Now, if you want a really nice math project, ponder the pattern relating all these strategies to the corresponding lambda calculus expressions:

f |→ (x |→ x)

f |→ (x |→ f(x))

f |→ (x |→ f(f(x)))

f |→ (x |→ f(f(f(x))))

etc.

Then, figure out how to prove that for any 2-person game, say:

     | \/
   \ | /
    \|/
there’s a 1-1 correspondence between winning second-person strategies for the holodeck verson of this game and ways of using the lambda calculus to define elements of the corresponding set:

XX XXX XXXX

Apparently this result goes back to work of Hyland and Ong in the early 1990s. Dolan rediscovered the idea, and Trimble and he have recently worked out a new proof.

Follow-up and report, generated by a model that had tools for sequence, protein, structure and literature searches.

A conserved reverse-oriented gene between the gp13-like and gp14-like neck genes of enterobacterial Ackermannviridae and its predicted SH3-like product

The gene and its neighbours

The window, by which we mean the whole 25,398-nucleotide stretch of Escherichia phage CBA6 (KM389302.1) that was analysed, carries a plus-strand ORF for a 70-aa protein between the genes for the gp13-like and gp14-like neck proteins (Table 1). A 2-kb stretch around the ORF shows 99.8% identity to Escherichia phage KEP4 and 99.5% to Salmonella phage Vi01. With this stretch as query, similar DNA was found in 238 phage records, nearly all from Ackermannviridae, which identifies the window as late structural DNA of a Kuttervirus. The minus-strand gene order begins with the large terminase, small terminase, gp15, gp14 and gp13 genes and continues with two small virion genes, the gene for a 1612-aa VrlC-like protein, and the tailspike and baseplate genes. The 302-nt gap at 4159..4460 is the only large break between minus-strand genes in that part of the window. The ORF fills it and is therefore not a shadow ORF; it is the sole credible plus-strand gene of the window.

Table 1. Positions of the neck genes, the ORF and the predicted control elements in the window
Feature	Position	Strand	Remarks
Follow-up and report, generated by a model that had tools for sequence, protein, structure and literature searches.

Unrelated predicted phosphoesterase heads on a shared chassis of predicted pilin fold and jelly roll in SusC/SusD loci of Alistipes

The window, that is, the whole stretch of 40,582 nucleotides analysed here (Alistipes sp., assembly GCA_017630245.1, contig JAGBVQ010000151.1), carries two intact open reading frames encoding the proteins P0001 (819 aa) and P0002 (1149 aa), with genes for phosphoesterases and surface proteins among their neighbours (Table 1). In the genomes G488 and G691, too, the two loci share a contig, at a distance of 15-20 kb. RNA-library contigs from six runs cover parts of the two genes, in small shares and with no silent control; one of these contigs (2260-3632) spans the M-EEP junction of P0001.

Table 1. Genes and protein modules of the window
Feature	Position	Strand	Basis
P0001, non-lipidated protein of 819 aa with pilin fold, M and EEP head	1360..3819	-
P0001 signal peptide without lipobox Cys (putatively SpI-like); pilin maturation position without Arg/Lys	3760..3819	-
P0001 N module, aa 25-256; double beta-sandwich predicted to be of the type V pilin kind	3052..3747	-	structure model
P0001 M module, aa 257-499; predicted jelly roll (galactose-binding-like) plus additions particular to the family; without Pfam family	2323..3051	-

If you get stuck, first try these notes from Dolan’s talks, for some hints:

Then try Trimble’s more rigorous, technical treatment, and the original paper by Hyland and Ong:

Posted at October 20, 2006 2:44 AM UTC

TrackBack URL for this Entry:   http://golem.ph.utexas.edu/cgi-bin/MT-3.0/dxy-tb.fcgi/997

20 Comments & 3 Trackbacks

Read the post Classical vs Quantum Computation (Week 2)
Weblog: The n-Category Café
Excerpt: An intro to closed monoidal categories.
Tracked: October 20, 2006 3:23 AM

Re: Classical vs Quantum Computation (Week 3)

Whenever I see trees for two-player games, I think of Conway’s construction of the surreal numbers (which were born out of Go endgames).

Posted by: Blake Stacey on October 20, 2006 2:33 PM | Permalink | Reply to this

Re: Classical vs Quantum Computation (Week 3)

Blake Stacey wrote:

Whenever I see trees for two-player games, I think of Conway’s construction of the surreal numbers (which were born out of Go endgames).